Fourth Circuit Ruling Finds Employee is not a “Qualified Individual” under ADA when Employee Fails to Comply with Valid Safety Requirement
On December 9, 2020, the U.S. Court of Appeals for the Fourth Circuit found that a former employee did not meet the definition of a “qualified individual” to afford protection under the Americans with Disabilities Act (ADA) because of her failure to comply with a valid safety requirement for her position.
Sheila Holmes worked for General Dynamics as a shelter fabricator from 1989 to 2016. As part of her job, she had to use heavy equipment and machinery on the production floor. In 2003, General Dynamics began to require all employees working on the production floor to wear steel-toed or similar safety shoes. Holmes suffered from diabetes and brachymetapodia, which the court described as “a congenital decision characterized by short or overlapping toes.” As a result, she was allowed to work in tennis shoes or other loose-fitting shoes. She had a doctor’s note explaining that her medical conditions would not allow her to wear protective shoes, and she would show the note to her assigned supervisor throughout the years to be exempted from the steel-toed safety shoe requirement.
In July 2013, General Dynamics received a negative audit after an outside inspector observed one employee not wearing steel-toed safety shoes. As part of its corrective actions, the company had to enforce the steel-toed shoe policy, and supervisors would be held accountable for their employees’ failure to comply. Thus, when Holmes presented her supervisor with the doctor’s note in late 2013 exempting her from the policy, General Dynamics placed her on a leave of absence.
For two years, General Dynamics’ human resources department worked extensively with Holmes to find safety shoes that would be compatible with her condition and allow her to perform her job. But she rejected each alternative and submitted medical documentation maintaining that she could not wear any of the proposed shoes. General Dynamics also explored whether it could exempt Holmes from the steel-toed shoe requirement or if there were other positions for which she was qualified but did not require her to wear a steel-toed shoe. Neither option was available; therefore, General Dynamics terminated Holmes.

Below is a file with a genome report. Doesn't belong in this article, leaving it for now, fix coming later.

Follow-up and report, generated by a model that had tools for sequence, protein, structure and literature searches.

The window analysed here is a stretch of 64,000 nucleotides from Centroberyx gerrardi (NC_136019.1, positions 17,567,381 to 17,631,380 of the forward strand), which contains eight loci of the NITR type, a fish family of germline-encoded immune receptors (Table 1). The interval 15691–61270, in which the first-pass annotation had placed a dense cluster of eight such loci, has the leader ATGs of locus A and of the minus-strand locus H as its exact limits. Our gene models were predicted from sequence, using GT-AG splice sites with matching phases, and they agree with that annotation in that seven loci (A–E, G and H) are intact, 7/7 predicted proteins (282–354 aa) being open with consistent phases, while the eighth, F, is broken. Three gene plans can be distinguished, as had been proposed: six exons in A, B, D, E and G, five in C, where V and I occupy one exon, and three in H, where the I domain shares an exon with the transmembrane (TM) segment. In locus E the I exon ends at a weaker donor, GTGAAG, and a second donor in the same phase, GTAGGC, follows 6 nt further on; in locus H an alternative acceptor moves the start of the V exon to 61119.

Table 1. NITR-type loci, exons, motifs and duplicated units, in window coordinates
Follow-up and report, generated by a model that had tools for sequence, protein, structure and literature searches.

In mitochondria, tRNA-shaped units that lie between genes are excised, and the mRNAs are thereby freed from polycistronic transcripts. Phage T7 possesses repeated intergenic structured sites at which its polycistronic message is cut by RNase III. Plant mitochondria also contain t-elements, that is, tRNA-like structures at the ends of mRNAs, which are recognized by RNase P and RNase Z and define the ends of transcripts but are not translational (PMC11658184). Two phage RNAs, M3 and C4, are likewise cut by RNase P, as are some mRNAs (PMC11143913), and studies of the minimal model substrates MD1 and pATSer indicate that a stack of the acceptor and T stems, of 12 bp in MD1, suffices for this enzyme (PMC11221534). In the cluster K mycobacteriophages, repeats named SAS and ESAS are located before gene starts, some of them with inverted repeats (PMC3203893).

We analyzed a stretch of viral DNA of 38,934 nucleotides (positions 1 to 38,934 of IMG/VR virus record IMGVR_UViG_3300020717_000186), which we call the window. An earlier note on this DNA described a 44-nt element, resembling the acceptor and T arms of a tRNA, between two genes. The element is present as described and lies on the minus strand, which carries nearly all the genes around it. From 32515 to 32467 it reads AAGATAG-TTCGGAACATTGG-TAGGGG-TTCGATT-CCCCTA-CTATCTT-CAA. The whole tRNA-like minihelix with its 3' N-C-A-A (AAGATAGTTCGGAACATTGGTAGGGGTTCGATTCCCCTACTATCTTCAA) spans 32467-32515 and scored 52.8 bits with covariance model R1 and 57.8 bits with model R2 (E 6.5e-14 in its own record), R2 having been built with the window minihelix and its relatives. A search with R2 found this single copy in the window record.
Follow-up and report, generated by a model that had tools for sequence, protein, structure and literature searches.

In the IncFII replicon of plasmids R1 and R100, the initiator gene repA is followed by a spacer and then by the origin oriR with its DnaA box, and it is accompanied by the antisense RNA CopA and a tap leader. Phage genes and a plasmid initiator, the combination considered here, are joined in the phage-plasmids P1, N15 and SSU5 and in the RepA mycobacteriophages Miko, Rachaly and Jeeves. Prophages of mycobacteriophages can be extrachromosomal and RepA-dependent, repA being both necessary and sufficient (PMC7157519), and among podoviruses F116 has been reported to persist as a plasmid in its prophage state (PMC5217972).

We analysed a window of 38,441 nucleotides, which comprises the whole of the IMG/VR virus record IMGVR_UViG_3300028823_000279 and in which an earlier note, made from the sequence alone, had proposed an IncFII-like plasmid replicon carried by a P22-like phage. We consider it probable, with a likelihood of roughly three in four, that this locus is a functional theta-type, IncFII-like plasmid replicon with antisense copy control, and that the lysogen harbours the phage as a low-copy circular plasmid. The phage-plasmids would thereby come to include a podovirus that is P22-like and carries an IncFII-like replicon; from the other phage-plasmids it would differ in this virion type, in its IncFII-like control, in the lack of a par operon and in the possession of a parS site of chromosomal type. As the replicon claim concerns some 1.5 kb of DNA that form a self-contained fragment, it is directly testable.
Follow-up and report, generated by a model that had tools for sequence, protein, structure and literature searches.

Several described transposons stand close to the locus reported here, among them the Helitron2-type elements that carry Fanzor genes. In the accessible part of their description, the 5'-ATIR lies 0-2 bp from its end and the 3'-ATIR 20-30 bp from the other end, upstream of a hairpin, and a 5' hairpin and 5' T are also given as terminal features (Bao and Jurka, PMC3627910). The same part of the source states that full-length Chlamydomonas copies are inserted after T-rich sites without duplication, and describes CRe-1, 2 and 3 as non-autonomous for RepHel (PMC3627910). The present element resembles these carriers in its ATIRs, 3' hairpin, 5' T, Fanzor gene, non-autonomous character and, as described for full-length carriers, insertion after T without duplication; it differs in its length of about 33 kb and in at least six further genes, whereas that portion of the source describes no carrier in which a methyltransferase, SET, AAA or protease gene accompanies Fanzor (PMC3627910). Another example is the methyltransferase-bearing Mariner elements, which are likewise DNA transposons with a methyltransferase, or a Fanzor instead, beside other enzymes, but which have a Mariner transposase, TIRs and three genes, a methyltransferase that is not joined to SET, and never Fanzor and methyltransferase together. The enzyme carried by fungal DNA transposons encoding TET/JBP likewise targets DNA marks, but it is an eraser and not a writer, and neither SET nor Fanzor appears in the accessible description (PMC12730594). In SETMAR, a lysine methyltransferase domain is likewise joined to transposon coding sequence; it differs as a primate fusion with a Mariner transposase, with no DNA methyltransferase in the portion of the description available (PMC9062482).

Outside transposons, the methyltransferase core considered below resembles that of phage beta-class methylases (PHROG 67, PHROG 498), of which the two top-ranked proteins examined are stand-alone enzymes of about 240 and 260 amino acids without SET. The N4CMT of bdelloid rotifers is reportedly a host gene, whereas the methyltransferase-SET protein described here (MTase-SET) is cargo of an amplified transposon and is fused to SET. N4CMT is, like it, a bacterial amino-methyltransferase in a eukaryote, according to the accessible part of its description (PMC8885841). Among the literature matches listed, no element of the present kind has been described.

Holmes filed a lawsuit against General Dynamics claiming that it failed to reasonably accommodate her disability and terminated her because of her condition in violation of the ADA. The district court granted summary judgment in favor of General Dynamics, finding that Holmes did not meet the definition of a “qualified individual” under the ADA to be afforded protection because she could not comply with the employer’s valid safety requirements for her position. The Fourth Circuit agreed.
The ADA prohibits discrimination against a “qualified individual” on the basis of the individual’s disability. 42 USC § 12112. The statute defines a qualified individual as someone “who, with or without a reasonable accommodation, can perform the essential functions of the employment position that such individual holds or desires." 42 U.S.C. § 12111(8).
Although Holmes argued she had “successfully” performed her job as a shelter fabricator for more than a decade without wearing steel-toed shoes, the Court held that “[j]ust because an employee has performed her job for an extended period of time without injury does not mean that the employee has performed her job safely or that she could continue to perform her job without risking injury to herself or others.” To hold otherwise would hinder an employer’s ability to implement and enforce new and necessary job-related safety requirements. The Court also ruled that Holmes’ exemption from the steel-toed requirement did not constitute a reasonable accommodation under the ADA and a holding allowing exemptions from valid safety policies as ADA accommodations would make it “unclear under what circumstances an employer could ever enforce a valid safety policy.”
The Fourth Circuit’s ruling underscores the importance for employers to accurately define the essential functions of an employment position, and, in doing so, to identify any safety requirements for the position. Employers should take appropriate measures to ensure that any established safety requirements are applied consistently for all individuals working in the same or similar position to avoid potential discrimination claims.
If you have any questions about ADA compliance, Nexsen Pruet’s Employment and Labor Law team stands ready to assist you.
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